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“Veterans Day, 2011“

The response had been well-nigh instantaneous. Sirens blared in the distance immediately after I ended the call. By the time I made it down the four flights of stairs of our fourth floor walk-up in Manhattan, there were fire engines, an ambulance, and utility trucks outside.

It was mid-afternoon and because of the holiday, mostly everyone was at home. I had contacted the utility company, ConEd, because of a faulty gas stove burner. It was a simple question of what to do. They said someone would be by within the hour. End of story. Except, the dispatcher had put me on hold one last time and then I got duped. She logged the call as an emergency: “hissing pipe, gas leak, possible smoke inhalation," which is not at all what I reported (but what the responders later told us when they showed up).

As soon as I made it outside the building, I took one look at the fire trucks and walked skittishly past them. “Where are you going!” my wife said, trailing behind me.

“I gotta get out of here!” I said. But after a few more steps, I suddenly came to my senses—about abandoning my wife and the scene and what a cowardly act that would be.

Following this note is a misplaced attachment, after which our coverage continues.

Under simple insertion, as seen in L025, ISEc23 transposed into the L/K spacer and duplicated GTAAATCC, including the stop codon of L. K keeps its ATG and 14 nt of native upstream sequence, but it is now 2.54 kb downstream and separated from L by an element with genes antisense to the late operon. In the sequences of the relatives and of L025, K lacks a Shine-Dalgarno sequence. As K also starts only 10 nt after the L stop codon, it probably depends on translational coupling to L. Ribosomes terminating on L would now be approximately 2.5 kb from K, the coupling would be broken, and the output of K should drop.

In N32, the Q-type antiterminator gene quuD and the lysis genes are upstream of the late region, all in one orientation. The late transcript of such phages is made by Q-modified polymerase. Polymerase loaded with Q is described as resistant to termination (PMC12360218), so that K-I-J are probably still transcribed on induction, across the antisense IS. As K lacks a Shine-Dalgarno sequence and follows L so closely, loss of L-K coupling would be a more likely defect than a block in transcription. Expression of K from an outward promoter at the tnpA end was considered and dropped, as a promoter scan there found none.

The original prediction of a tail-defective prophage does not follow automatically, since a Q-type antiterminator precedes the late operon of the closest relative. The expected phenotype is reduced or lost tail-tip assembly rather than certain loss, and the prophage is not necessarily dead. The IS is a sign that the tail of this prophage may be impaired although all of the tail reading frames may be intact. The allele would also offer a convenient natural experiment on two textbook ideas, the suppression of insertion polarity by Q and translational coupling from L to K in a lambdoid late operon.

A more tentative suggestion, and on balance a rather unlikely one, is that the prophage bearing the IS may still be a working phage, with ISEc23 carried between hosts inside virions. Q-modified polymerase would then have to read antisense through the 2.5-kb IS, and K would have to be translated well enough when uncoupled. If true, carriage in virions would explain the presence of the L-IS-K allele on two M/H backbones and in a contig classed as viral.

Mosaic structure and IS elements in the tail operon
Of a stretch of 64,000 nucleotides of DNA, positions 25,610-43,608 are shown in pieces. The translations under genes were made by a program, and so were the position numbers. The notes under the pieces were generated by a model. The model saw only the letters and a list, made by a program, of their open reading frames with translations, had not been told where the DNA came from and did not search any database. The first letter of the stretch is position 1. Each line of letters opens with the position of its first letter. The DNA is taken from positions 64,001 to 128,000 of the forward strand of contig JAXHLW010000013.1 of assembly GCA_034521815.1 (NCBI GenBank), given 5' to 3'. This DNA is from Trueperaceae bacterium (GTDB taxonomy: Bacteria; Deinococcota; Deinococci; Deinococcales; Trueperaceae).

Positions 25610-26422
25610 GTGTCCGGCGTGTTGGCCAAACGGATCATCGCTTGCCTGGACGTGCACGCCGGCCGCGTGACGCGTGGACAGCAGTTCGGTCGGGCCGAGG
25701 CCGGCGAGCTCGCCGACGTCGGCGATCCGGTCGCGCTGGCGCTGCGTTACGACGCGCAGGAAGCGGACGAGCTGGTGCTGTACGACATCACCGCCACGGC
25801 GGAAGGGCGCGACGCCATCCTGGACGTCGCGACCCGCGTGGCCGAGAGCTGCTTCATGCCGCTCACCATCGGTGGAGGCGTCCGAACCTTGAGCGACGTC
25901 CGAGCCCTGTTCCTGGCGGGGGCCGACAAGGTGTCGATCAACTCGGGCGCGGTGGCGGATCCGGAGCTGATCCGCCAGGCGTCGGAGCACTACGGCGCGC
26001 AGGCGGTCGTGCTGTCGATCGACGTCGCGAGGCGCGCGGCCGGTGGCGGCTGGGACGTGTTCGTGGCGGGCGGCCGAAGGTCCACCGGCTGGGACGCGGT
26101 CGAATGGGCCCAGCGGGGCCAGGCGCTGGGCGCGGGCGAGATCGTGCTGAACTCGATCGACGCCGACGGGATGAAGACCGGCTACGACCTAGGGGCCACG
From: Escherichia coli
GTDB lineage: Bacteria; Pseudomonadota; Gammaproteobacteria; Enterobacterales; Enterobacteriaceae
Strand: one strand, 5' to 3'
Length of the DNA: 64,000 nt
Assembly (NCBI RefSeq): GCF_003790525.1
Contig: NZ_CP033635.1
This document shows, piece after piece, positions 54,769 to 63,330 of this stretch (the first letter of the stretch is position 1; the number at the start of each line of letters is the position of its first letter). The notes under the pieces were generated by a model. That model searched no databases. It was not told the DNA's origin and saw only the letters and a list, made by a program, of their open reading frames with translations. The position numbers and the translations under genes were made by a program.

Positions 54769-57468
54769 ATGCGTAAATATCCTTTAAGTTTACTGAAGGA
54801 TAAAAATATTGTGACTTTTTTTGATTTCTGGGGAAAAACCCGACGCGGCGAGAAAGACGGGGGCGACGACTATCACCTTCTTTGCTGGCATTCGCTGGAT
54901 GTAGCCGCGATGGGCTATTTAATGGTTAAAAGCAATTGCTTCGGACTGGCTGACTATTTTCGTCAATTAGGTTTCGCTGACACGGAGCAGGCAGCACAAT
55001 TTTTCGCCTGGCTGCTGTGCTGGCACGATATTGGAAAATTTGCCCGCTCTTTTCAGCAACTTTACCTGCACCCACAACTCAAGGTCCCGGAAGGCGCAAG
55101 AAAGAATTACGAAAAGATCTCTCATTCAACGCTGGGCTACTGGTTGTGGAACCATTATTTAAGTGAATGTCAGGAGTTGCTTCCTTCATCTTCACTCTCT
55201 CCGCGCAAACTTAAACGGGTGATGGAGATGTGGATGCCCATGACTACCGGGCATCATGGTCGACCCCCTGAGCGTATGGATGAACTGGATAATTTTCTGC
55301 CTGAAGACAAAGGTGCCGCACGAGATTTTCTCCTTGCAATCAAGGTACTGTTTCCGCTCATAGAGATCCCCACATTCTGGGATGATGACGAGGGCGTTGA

The firemen formed a line in the lobby of our co-op, about 10 strong, their sturdy black boots hitting the stairs, one flight after another, two of them yielding axes. We were the last in tow, silently praying that no one would take notice. But how could anyone not have heard the commotion? The neighbors soon started peeping their heads out of their apartments. Closed doors were then knocked on. An announcement was made for everyone to evacuate the building.

Bob Henderson, Cherri, Greg, Sandra, and the others all waited outside in the cold. We remained inside our apartment with the responders. An uncomfortable wreck from the ordeal, an EMT took notice and sat me down on the couch. He checked my vitals. Firemen, EMTs, and utility workers swarmed our apartment. I overheard my wife explaining the situation about the stupid stove burner. “No, there was no smoke or anything,” she was saying.

Eventually, everyone outside schlepped it back to their apartment. But the oldest resident of our building just stood there on the first floor staircase holding the railing, his mouth twisted. I glanced over at him from the lobby down below. “You mean to tell me this was over nothing!” he shouted, his fist raised. Scratching the back of my head, I looked down at the floor. I wanted to crawl into a tiny hole and live there for the rest of my life.

In the end, it was simply the right front stove burner that needed a replacement part. Some dimwit had put the wrong size cap on there. Speaking of which, it was probably our landlord (he lived out-of-state), who I received an email from the next day with the subject line “I Shoulda Been A Fireman.” Funny guy.


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